"There are people like him [Graham] who are spreading fear of Muslims, a virulent disease some have called ‘Islamophobia' and whose closest analogue is anti-Semitism. It is a disease that has spread into the centers of power and policy-making, as is evidenced by the enthusiastic applause recently received by Bernard Lewis at the American Enterprise Institute as he was receiving their Irving Kristol Award when he defended the Crusades as a "late, limited, and unsuccessful imitation of the jihad." There are numerous organizations and think tanks who are promoting fear of Islam and Muslims for their own political ends.  Franklin Graham is at the center of that discourse...

"Renting out our facilities to a politically powerful ministry whose leadership is openly hostile to Islam (as well as gays and lesbians) was, to my mind, an ill-considered and short-sighted decision.... [....]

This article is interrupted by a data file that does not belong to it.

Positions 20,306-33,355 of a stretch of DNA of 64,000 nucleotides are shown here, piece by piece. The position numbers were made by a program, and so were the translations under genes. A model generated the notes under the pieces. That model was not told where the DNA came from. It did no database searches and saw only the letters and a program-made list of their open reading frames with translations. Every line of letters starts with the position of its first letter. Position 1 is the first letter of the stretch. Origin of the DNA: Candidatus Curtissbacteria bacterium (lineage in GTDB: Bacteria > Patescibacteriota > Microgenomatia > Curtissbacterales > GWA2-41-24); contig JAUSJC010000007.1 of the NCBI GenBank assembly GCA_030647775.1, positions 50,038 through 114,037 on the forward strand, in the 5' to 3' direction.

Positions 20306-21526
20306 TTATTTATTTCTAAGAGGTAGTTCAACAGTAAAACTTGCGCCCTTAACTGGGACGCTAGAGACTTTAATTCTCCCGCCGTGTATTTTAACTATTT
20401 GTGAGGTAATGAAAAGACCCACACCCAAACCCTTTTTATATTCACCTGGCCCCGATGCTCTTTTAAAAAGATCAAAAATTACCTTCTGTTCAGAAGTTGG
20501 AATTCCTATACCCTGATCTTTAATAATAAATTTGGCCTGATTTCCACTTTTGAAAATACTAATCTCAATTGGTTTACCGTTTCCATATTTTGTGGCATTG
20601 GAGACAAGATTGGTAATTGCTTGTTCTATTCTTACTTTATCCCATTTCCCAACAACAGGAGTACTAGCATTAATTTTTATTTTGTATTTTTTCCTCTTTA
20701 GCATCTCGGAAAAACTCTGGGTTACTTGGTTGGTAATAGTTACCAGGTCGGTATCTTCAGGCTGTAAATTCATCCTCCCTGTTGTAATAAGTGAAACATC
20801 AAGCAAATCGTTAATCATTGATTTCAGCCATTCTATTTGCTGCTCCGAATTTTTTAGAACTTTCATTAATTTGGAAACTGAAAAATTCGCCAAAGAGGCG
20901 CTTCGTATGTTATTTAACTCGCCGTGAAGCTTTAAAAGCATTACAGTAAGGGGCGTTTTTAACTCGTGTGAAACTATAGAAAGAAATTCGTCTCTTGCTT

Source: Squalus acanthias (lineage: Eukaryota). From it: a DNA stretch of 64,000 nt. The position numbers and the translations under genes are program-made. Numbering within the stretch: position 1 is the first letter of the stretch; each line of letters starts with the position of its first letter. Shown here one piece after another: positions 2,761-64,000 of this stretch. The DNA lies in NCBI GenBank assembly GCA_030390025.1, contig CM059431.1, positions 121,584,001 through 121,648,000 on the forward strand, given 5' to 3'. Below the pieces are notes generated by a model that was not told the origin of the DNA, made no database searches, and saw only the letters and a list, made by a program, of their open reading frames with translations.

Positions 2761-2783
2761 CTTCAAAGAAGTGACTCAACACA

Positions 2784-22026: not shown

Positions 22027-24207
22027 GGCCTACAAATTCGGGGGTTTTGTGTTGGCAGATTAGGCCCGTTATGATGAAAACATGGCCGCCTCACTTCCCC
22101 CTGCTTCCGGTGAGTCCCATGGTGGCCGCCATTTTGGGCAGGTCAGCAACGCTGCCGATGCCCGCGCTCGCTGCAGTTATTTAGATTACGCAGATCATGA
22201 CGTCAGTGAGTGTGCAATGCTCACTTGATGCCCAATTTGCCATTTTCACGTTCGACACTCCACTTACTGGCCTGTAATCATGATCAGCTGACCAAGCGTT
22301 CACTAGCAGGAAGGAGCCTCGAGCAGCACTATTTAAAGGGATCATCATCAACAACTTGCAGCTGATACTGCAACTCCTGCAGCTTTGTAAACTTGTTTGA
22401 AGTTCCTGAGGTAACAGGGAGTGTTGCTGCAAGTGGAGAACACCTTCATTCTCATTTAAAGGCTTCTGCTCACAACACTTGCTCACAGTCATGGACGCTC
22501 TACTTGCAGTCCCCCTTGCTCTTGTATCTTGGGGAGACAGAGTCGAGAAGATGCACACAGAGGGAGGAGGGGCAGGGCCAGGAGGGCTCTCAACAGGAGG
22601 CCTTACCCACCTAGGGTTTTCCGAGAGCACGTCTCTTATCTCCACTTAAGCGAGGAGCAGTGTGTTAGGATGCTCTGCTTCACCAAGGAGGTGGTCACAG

"...at a time when we are struggling to become a more diverse campus. There are many Muslim immigrant families that have been extremely successful in this country. The Muslim community deeply values education. Their kids go to some of the best colleges and universities in America. Far too few choose to come here, despite our excellent programs. In my opinion, we don't try hard enough to attract them. For example, the proposed Islamic Civilization and Cultures concentration proposal-which would send a message that this is a place that takes Islam seriously-has for bureaucratic reasons still not cleared CPC ( see story, page 1). I am still hopeful it will clear the committee in time for students to graduate with it this year. If you Google "Kenyon College" and "Muslim" you pull up articles from the ultra-right wing American Thinker published by an alumnus of this institution that attacks Islam and the way that it is taught on our campus and the controversial visit by Irshad Manji.  There is clear and unfortunate evidence that Muslim students think twice about applying here. The presence of Franklin Graham's ministry on our campus will only affirm the false impression that Kenyon is a campus which emphasizes the study of neo-conservatism, but not the civilization of Islam and sends the inaccurate message that this is a place Muslims would not be comfortable."